The moral measure of the US budget

U.S. President Barack Obama, center, meets with congressional leaders on deficit reduction July 14 at the White House in Washington. (CNS/Reuters)

An NCR Editorial

President Obama and congressional leaders are still negotiating the federal budget for next year. The difficulty of these negotiations is heightened by the need to raise the federal debt ceiling, avoiding a government default and the consequent economic nightmare that such a default would entail. Unfortunately, it appears that the nation’s political compass has veered so far to the right that any resolution is likely to harm the poor and assault the already strained sense of national community that we Catholics call the common good.

To his credit, Obama has understood, perhaps too well, that politics is the art of compromise. He has offered to cut important social programs Democrats champion. He even offered to look at reforming Social Security. Both are truly bad ideas. Cutting government programs during a recession, when they are most needed, will harm those who depend upon them for housing, education and nutrition assistance.

Contemplating deep cuts in social programs is particularly unconscionable as the country continues to fund two open-ended wars and approves a military budget, against almost no resistance, of $680 billion.

The U.S. bishops have been clear in pointing out that the draconian cuts being promoted are not merely budget abstractions. They will have real impact on real lives. Cutting college loans means students will have their dreams deferred, their earning potential curtailed, and they will be forced into an already anemic employment market. That isn’t an intelligent way to deal with the deficit. Cutting environmental funding and putting long-term health at risk for short-term financial gain is shortsighted. Decreasing nutrition assistance to poor women by cutting WIC (Women, Infants and Children) places lives at risk, and that is not only an affront to social justice, it is a betrayal of the pro-life cause so many of the budget-cutters claim to champion.

“Some current proposals call for substantial reductions, particularly in those programs that serve the poorest and most vulnerable people in our nation,” Bishop Stephen Blaire of Stockton, Calif., wrote to members of Congress last month. “In a time of economic crisis, poor and vulnerable people are in greater need of assistance, not less.”

Blaire, who is chairman of the U.S. Conference of Catholic Bishops’ Committee on Domestic Justice and Human Development, explained the moral framework that should guide Congress: “Meeting essential human needs is a compelling ethical and fiscal priority. A moral measure of the budget is how it treats ‘the least of these’ at all stages of life.”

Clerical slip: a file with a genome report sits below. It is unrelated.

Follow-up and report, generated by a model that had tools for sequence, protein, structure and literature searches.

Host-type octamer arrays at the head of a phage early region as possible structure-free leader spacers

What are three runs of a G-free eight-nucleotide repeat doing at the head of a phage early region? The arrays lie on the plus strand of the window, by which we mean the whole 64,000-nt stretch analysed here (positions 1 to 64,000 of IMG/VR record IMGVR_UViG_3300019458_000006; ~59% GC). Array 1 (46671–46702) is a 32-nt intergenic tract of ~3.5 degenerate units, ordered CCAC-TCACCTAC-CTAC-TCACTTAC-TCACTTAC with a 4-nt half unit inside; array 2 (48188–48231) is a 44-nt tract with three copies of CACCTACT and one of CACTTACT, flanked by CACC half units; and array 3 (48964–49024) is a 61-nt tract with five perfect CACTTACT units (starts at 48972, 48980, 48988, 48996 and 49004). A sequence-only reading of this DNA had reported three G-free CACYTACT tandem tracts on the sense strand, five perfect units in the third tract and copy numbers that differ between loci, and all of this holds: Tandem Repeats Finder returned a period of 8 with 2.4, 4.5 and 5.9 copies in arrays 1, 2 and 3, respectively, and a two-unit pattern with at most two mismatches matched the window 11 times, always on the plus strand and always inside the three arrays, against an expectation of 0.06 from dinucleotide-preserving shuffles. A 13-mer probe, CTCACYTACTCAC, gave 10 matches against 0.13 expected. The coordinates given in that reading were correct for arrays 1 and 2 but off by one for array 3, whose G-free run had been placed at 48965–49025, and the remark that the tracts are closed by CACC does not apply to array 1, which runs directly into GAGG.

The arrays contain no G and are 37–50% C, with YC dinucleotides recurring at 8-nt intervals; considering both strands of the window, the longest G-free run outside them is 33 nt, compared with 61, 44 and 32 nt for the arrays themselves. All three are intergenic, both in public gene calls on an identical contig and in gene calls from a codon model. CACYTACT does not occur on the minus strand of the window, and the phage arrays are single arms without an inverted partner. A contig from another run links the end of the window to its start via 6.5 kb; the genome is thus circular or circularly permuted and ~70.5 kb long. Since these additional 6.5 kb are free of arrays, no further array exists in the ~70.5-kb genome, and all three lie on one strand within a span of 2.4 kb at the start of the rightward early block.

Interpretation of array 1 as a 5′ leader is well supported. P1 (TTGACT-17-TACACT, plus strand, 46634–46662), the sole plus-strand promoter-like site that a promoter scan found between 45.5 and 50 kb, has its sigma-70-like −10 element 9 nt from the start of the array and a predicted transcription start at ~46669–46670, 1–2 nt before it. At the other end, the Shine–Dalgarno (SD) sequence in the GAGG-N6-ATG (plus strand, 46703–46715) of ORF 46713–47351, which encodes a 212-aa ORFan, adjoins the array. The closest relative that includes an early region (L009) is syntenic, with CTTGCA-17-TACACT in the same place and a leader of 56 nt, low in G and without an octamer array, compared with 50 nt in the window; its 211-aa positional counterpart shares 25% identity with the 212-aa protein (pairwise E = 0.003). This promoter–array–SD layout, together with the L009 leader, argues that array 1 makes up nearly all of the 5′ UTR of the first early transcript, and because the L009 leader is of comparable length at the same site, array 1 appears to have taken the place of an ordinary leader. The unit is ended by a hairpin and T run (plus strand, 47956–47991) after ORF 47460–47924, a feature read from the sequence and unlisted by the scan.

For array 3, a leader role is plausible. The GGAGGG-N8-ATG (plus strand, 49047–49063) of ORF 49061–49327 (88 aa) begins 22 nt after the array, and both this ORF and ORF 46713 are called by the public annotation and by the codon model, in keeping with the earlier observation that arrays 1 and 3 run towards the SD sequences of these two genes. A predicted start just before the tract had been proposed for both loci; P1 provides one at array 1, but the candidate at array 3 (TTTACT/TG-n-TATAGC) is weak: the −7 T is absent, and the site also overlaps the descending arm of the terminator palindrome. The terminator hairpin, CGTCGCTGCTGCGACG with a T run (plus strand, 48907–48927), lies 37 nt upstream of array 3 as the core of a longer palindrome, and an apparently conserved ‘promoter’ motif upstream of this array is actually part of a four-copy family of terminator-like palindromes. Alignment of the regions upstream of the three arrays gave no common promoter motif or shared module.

Speaker of the House John Boehner, a Catholic from Ohio, has gotten spanked every time he has dared to depart one iota from the GOP orthodoxy that insists that the budget be balanced without asking the wealthy to do their part. It is current Republican heresy to suggest the logical step of ending the excessive tax breaks the wealthy received during the Bush years. Advocates of retaining tax breaks for the richest among us repeat, ad nauseum, the myth that raising taxes will cause more unemployment. If this were true, you would think the compromise in December that extended the Bush tax cuts would have produced a tsunami of new jobs. Boehner seems willing to reach a deal if his tea party base will let him, but it won’t.

For all the religious language tossed about the political landscape these days, it appears that the 25th chapter of the Gospel of Matthew is no longer considered much of a moral yardstick in our culture. House Republicans have found a new savior in Ayn Rand and her brand of social Darwinism. They believe that the market is immune to moral criticism and that if government would only get out of the way and let corporate America run the show, all would be well with the world.

Government has gotten “in the way” because the results of laissez-faire economics demanded it. The government erected Social Security after the laissez-faire policies of the 1920s caused the Great Depression. When business was unable or unwilling to find a way to provide health care to seniors, government created Medicare in the 1960s. When pollution threatened our air and water in the 1970s, government stepped in to protect them by passing the Clean Air and Clean Water Acts. It is shocking that so soon after the ostentatious greed of Wall Street brought on the worst recession in memory, the reputation of the free market would be so easily rebuilt.

It is an odd dynamic that has today’s Republican leaders, who so regularly make use of religious language, willing to roll back society’s commitment to the poor and vulnerable in order to protect tax breaks for the superrich. The way our society treats the “least of these” remains the only adequate moral measure of a government budget. Congress should listen to the broad chorus of religious leaders, including our bishops, and not balance the budget on the backs of the poor.

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